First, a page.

Pandemic eases, and complicates, legislating
Legislature relies on Zoom, YouTube and CT-N
The Democratic co-chairs of the legislature’s Labor and Public Employees Committee skipped the masks, but they undeniably were socially distant. Rep. Robyn Porter ran the meeting from her dining room table in New Haven. Sen. Julie Kushner participated from her den in Danbury.
On a computer screen, Porter addressed the committee members, who logged in on Zoom from across Connecticut. For the public, the proceedings streamed live on YouTube. An audience of 29 watched.
Not quite three weeks into a session unlike any other, the Connecticut General Assembly is finding its way, learning how to function in a pandemic that prematurely ended the regular session in 2020.
“It is different, it is strange, but it’s what we’re doing,” Porter said. “So we’re gonna make it work.”
At least 28 state legislatures are working or voting virtually to some degree in 2021, according to a survey by the National Conference of State Legislatures. A spike in COVID-19 cases temporarily shut down legislatures this month in Colorado, Missouri and Wyoming.
Connecticut opened its session outdoors on Jan. 6, swearing in senators on the blacktop on the south side of the State Capitol and the House members at the bottom of the north steps, amid some grumbling that the legislature was being overly cautious.
Last week, the Labor and Public Employees Committee took its first votes, endorsing concepts and proposals to be drafted as bills and subjected to a public hearing.
Its agenda was ironic, if not meta: Working from home, the lawmakers endorsed drafting a bill about working from home.
“I am looking forward to that tremendously, because it will be the first time that every single person on the committee will have a shared experience with those who testify before us,” said Kushner, a retired UAW negotiator.
The measure was one of several inspired by the pandemic’s impact on employers and their employees. At this point, they have more questions than answers. Among them: Are employees working at home properly reimbursed and equipped?
Porter said the committee also is exploring protecting workers who were laid off but not recalled when businesses reopened. Unions are strongly urging passage of a bill that would create a rebuttable presumption for some workers that a COVID infection was work-related and covered by workers’ compensation. Businesses are opposed.
The Capitol has been closed to the public since March, when the first of 240,000 COVID infections were detected in Connecticut. The public access network, CT-N, has become the public’s window, along with YouTube.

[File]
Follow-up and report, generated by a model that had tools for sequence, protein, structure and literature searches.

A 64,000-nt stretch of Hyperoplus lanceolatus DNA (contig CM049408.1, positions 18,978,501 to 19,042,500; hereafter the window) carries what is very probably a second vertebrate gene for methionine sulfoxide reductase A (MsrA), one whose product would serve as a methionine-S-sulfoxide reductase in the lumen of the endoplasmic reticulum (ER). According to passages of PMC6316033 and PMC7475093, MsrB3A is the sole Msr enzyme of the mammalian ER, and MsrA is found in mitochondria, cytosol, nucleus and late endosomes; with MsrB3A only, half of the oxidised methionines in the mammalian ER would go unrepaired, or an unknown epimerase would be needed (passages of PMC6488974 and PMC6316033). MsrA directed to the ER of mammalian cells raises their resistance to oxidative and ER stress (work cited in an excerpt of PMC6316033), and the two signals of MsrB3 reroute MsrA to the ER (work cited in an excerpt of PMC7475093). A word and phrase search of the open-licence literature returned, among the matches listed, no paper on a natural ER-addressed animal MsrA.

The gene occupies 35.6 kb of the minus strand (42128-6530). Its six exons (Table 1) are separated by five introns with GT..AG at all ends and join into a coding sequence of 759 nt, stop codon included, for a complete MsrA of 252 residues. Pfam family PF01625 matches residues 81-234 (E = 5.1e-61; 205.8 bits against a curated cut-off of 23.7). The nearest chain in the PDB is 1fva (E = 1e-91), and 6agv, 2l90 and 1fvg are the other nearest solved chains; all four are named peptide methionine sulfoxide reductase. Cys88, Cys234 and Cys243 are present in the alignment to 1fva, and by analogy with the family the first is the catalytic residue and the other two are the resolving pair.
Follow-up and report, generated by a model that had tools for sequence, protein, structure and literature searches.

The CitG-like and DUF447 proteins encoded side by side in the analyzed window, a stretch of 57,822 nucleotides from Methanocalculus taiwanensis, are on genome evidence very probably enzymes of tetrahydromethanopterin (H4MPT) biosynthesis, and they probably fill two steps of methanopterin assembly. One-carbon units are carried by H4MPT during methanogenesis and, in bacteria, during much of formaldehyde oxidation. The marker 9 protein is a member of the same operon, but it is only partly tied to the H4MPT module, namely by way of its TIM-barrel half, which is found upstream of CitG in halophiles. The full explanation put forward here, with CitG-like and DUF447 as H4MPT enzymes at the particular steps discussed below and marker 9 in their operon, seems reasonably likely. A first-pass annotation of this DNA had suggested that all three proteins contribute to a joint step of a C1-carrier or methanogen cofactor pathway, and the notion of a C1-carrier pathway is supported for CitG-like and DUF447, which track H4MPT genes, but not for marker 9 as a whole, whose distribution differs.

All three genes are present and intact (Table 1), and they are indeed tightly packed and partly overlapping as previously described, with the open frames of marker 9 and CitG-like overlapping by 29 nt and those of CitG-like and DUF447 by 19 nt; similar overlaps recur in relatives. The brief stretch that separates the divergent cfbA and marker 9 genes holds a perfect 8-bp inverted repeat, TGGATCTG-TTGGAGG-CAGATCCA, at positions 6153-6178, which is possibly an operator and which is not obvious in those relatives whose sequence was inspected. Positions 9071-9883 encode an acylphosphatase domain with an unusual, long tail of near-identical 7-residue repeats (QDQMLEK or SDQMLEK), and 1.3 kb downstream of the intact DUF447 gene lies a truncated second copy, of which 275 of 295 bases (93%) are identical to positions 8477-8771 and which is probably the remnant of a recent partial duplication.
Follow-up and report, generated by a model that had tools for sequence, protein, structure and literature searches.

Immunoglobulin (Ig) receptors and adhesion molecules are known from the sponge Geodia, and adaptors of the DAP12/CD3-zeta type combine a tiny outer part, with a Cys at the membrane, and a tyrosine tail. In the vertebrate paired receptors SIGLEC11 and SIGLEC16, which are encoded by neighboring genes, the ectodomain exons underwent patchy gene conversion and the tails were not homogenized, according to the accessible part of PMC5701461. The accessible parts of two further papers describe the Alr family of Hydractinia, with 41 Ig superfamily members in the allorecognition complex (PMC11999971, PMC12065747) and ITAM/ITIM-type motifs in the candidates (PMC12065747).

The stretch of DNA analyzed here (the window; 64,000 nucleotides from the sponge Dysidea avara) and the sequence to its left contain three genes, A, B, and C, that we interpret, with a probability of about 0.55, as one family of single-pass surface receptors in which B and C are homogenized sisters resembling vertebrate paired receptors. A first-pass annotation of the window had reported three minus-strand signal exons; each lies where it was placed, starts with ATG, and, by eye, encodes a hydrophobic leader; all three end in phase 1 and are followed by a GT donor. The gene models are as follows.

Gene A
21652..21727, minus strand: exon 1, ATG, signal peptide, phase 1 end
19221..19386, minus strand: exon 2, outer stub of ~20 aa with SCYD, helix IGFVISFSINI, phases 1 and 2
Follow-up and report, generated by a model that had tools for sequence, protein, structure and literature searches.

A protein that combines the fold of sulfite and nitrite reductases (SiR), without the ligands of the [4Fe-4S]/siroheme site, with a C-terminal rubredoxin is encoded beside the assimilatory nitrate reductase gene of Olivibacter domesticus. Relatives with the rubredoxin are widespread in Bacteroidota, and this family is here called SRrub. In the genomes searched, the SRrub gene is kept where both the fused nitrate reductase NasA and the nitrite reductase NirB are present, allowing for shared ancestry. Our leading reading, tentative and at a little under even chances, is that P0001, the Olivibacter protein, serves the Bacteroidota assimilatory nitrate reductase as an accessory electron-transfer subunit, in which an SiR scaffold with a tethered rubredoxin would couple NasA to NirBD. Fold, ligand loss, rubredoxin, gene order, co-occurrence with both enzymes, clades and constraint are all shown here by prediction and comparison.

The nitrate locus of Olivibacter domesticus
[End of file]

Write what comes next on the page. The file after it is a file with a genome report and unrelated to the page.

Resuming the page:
Brief special sessions in July and September were dress rehearsals for 2021. Hearings were conducted by Zoom. Access to the Senate and House was limited during the debates, as they are this year. On the question of passage, lawmakers can vote remotely from their offices at the Legislative Office Building.
The rules for committee votes are more permissive. Lawmakers can be home, but they must appear on camera during roll call votes, identify themselves for the record, and then vote. It can be time-consuming.
Rep. Maria Horn, D-Salisbury, the co-chair of the Public Safety and Security Committee, opened her meeting last week with an apology and a plea.
“I apologize in advance if I have to interrupt some of you in order to eliminate overlap, and to make sure that there’s a clear record here. So I’m not trying to be rude,” Horn said. “I’m gonna ask everyone, remind everyone to please stay on mute when you’re not speaking so that we can hear the speakers better and have a better record of the meeting itself.”
The labor committee found a consensus to at least raise bills for public hearings, allowing Porter to call voice votes. But even a voice vote had a minor complication: there initially was little response.
“Rep. Porter, I’m not sure people had time to unmute, so we may want to do that again, giving people the opportunity to unmute their Zoom,” Kushner said.
“OK, let’s try this again,” Porter said, laughing. “All in favor please say, ‘Aye!’ ”
Disembodied voices could be heard, all in assent.